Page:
Why should PSPs or acquirers partner with an out-sourced party instead of building their own technology and solution for the whole onboarding process?

Fraud detection and prevention are not a part of the core business for most companies in the payments chain. Building in-house means being in heavy control of your data and have a lot of it, because you will be only using your own data, which is very limited to only the patterns of fraud that you have seen before. If exposed to a new kind of fraud or grow into a new geographic region, you would be vulnerable. So, building in-house is costly and time-consuming and is very risky for a company that needs to focus on its primary target of acquiring new business. 

For acquirers that have hundreds of thousands of merchants, they need to have several teams of analysts working very diligently, and would still not be as efficient as they need to be. With the power of our AI to monitor and prioritise the investigations, it allows acquirers to be far more efficient and the fraud investigations would be resolved much earlier. 

For our customers, this could be a difference of hundreds of thousands of euros. Scaling a team of people is much more difficult since fraud usually happens in bursts, and this is why Fraudio is valuable for companies who wish to control fraud and scale in an organised and effective way. 

There is an immense benefit and potential in working with a specialist company when it comes to mitigating risk and bringing value faster. We, at Fraudio, have already seen billions of transactions and millions of fraud events from around the globe. Instead of building machine learning models individually for each customer, we pool everyone’s data together by translating it into our own internal data schema and that is the reason why our AI is so powerful. 


Artificial Intelligence seems to offer the most effective way of detecting fraud. How does Fraudio use AI to develop a leading-edge service that detects fraudulent merchants quickly, and what makes your company different from others that offer similar solutions?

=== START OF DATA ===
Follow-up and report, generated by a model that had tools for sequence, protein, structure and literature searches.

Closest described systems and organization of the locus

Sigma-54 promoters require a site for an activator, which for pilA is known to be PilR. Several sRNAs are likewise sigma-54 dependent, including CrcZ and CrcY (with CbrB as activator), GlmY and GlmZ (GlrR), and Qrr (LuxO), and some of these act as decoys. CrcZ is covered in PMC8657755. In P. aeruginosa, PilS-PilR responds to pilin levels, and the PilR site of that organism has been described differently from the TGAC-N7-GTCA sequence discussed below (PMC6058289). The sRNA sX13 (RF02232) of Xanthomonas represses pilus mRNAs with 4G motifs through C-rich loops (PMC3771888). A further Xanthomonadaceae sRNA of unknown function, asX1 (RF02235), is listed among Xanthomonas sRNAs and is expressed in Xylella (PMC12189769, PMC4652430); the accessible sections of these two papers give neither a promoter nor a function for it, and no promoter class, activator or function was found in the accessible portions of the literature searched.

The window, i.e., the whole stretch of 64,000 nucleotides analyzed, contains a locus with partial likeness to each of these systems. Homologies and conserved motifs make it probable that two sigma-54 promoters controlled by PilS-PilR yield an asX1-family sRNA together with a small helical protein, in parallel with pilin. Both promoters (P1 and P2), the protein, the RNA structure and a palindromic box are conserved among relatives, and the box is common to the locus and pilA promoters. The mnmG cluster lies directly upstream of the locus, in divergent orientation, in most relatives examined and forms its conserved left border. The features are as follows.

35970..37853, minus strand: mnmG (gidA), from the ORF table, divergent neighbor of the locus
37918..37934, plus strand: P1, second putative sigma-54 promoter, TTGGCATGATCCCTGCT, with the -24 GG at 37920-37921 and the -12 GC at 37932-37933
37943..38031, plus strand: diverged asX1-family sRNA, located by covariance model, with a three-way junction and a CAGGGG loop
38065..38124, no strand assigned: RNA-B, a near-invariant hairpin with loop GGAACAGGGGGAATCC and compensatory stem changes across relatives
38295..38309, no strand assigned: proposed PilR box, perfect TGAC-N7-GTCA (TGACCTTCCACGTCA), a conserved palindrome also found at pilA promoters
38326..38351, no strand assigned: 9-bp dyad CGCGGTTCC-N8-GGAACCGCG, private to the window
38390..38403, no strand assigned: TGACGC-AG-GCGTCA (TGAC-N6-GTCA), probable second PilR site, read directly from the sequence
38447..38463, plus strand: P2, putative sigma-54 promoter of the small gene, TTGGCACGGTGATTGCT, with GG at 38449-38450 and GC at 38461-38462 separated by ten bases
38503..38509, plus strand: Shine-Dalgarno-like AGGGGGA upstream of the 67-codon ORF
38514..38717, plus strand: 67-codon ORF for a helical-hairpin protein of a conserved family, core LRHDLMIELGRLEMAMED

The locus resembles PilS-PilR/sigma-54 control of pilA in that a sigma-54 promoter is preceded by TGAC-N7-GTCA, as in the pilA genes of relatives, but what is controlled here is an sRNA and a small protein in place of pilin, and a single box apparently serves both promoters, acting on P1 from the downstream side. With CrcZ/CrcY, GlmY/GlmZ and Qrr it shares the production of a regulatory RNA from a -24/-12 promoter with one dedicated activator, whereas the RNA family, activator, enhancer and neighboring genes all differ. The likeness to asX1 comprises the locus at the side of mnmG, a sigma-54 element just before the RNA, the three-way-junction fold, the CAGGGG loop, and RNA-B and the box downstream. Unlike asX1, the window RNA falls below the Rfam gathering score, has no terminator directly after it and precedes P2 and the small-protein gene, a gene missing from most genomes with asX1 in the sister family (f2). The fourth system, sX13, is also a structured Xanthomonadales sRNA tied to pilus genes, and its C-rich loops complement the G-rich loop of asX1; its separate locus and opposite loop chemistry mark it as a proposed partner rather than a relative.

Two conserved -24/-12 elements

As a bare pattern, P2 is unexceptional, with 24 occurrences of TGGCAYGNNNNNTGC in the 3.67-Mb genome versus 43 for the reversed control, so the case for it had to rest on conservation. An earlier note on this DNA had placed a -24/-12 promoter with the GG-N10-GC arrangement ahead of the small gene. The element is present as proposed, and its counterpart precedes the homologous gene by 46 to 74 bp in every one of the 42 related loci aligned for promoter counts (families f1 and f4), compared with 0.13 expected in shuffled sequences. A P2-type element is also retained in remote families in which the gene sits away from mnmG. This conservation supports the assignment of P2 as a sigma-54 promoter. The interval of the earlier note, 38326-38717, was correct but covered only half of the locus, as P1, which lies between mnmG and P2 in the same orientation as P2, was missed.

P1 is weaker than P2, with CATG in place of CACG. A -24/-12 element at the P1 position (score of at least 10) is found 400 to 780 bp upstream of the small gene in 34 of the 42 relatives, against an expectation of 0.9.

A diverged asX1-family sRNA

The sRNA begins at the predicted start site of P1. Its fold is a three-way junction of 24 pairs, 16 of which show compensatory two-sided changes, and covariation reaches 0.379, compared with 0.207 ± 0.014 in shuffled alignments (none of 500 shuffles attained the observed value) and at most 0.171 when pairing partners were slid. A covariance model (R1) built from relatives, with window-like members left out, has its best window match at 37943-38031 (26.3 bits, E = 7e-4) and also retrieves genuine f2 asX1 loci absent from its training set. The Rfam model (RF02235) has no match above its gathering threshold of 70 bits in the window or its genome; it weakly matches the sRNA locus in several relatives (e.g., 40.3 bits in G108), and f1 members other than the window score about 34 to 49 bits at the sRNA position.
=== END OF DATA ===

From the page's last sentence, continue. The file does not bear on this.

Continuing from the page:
Fraudio uses the latest, third-generation fraud detection technology. This means that Fraudio develops and trains its AI algorithm by using a centralised dataset. Billions of data points are constantly gathered and fed from both the acquiring and issuing sides of the industry into this centralised dataset. By constantly updating this diverse data, Fraudio leverages a powerful network effect to detect problematic activity more accurately and faster. Our merchant initiated fraud product is very simple to use and is especially valuable to acquirers in the low-risk segment. It allows them to onboard merchants very quickly, thus enabling them to grow at their own pace, without being overwhelmed by liability or financial losses.  

This editorial is part of the The Fraud Prevention in Ecommerce Report 2021/2022, the ultimate source of knowledge that delves into the evolutionary trail of the payments fraud ecosystem, revealing the most effective security methods for businesses to win the battle against bad actors.


About Rippleshot:

Rippleshot uses machine learning and automation to detect high risk merchants and fraudulent transactions to help financial institutions protect themselves and proactively stop card fraud. Contact us today to learn more and schedule a product tour.

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Topics: Industry News, Fraud, E-Commerce, Data Analytics